52. Telegram From the Department of State to the Embassy in Iran1
Washington, July 30, 1970, 2157Z.
122913. Ref: State’s 120689.2
- Department officer today called senior vice-presidents of all U.S. oil firms (except Occidental) whose production has been cut back in Libya and urged that companies make up these losses in Iran. Department officer emphasized 1) advantages to companies themselves in strong stable Iran, particularly at present, 2) Iranian use of revenues in constructive manner and 3) interest at highest level of U.S. Government in being as helpful to Iran as possible.
- Continental and Marathon replied they would be pleased to take oil from Iran if they had tankers to haul it. But they cannot go into spot charter market. Transport costs from Persian Gulf to Europe now about $3.00 per barrel, thus raising price of Persian Gulf oil, on spot chartered tankers, to double levels called for by their sales contracts. Both companies are depending on force majeure clauses in contracts to cut back deliveries and are prorating available supplies to customers.
- Texaco and Standard Oil of California said King Faisal had ordered Aramco to make up losses of Tapline through increased liftings from Ras Tanura. They are unable to do this. Only way companies [Page 123] could lift more from Iran at present would be to shift tankers there from Saudi Arabia and this could never be explained to Saudi Arabia.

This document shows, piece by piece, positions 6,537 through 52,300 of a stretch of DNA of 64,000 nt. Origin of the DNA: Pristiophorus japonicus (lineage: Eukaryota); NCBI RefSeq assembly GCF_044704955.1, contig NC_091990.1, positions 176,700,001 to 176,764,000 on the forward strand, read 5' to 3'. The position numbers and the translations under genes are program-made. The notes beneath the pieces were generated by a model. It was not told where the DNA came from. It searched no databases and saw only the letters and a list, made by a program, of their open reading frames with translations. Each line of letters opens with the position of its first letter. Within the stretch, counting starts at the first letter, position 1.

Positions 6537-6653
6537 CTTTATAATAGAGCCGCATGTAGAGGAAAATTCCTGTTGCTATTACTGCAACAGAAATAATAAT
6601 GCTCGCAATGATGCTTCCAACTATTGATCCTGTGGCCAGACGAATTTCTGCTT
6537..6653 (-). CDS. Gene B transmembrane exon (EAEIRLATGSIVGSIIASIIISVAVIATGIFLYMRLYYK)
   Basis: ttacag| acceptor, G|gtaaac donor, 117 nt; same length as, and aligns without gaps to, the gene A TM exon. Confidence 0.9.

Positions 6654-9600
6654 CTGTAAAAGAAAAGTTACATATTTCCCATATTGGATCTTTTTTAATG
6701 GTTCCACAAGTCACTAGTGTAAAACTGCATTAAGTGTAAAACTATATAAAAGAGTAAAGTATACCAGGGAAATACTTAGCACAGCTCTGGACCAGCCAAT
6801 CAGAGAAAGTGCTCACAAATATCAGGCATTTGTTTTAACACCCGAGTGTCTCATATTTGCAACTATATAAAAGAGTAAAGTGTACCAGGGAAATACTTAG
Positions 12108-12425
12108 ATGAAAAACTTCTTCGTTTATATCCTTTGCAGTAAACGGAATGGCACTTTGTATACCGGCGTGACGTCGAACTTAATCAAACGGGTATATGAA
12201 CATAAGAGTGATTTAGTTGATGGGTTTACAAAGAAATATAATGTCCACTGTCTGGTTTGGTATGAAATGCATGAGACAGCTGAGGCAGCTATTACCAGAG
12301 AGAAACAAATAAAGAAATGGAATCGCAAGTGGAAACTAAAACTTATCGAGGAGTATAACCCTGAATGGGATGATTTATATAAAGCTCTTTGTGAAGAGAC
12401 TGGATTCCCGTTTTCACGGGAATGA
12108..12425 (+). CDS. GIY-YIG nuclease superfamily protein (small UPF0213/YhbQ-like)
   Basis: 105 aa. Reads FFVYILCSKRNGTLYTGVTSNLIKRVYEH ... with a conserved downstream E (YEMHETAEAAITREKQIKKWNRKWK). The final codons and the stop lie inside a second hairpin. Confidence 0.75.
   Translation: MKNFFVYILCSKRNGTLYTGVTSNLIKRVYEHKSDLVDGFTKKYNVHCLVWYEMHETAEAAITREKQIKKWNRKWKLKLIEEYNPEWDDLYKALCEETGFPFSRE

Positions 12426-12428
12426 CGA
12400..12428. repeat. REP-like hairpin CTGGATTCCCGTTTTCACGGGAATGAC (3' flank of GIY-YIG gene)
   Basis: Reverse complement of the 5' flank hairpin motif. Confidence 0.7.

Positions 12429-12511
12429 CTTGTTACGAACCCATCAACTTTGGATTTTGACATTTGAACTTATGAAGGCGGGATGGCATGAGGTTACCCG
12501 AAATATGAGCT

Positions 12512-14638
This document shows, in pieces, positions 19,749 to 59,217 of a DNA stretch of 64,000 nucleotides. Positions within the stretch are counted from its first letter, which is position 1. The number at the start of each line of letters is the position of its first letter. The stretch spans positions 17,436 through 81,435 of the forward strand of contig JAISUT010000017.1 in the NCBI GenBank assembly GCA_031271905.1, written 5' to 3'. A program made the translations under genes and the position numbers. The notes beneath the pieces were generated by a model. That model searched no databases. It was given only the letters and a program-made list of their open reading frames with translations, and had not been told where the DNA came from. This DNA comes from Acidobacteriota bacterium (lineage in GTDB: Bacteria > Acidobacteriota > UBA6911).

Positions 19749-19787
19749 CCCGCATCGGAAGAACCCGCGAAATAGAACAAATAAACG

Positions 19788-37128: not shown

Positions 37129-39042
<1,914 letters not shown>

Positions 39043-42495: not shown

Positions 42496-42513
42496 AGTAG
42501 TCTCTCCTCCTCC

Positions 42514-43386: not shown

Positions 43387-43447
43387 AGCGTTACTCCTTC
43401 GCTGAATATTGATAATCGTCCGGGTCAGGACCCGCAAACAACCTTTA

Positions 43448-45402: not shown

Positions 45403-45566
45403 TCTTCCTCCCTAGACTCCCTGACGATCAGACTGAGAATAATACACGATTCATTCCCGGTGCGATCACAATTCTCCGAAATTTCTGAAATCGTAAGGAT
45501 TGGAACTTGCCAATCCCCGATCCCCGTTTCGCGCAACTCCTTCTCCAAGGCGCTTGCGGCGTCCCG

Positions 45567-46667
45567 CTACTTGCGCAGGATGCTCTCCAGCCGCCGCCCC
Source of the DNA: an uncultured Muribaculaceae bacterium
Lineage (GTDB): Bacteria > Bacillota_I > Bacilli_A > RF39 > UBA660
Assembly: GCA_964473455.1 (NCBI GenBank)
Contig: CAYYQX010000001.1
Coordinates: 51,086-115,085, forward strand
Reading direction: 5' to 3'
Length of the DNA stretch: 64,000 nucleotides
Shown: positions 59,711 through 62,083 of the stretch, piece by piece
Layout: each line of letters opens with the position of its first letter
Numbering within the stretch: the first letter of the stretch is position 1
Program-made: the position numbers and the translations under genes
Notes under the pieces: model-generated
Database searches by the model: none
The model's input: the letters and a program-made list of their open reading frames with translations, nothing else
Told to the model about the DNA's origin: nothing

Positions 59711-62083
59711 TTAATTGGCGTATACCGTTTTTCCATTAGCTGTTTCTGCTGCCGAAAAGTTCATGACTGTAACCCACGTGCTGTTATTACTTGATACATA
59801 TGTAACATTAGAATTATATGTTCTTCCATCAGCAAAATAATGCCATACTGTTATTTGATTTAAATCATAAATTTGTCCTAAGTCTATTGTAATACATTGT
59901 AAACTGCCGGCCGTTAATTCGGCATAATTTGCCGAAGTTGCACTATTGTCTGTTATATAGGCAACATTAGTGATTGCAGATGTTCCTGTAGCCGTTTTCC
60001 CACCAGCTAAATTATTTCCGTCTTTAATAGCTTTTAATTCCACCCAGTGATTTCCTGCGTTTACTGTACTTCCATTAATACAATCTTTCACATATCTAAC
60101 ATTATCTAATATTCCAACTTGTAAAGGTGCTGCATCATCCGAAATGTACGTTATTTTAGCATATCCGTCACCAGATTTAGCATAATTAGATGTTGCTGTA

- All four company executives said they understood U.S. interest in matter and all said they would do what they could. None thought this would be very much. SoCal pointed out that its liftings from Iran this year were 20 percent over that of last year.
- Source: National Archives, RG 59, Central Files 1970–73, PET 15–1 LIBYA. Confidential. Drafted by Akins (E/ORF/FSE); cleared in NEA/IRN and NEA/ARP; and approved by Katz (E/ORF). Repeated to Jidda, Dhahran, and Kuwait.↩
- Telegram 120689 to Tehran, July 28, informed the Embassy that Trezise was instructed to try and persuade those companies with production cutbacks in Libya to make compensating increases in their production from Iran. This instruction followed a visit by Iranian Ambassador Afshar on July 24, who presented a request from the Shah of Iran that the United States do “all we can” to increase Iranian production. (Ibid.)↩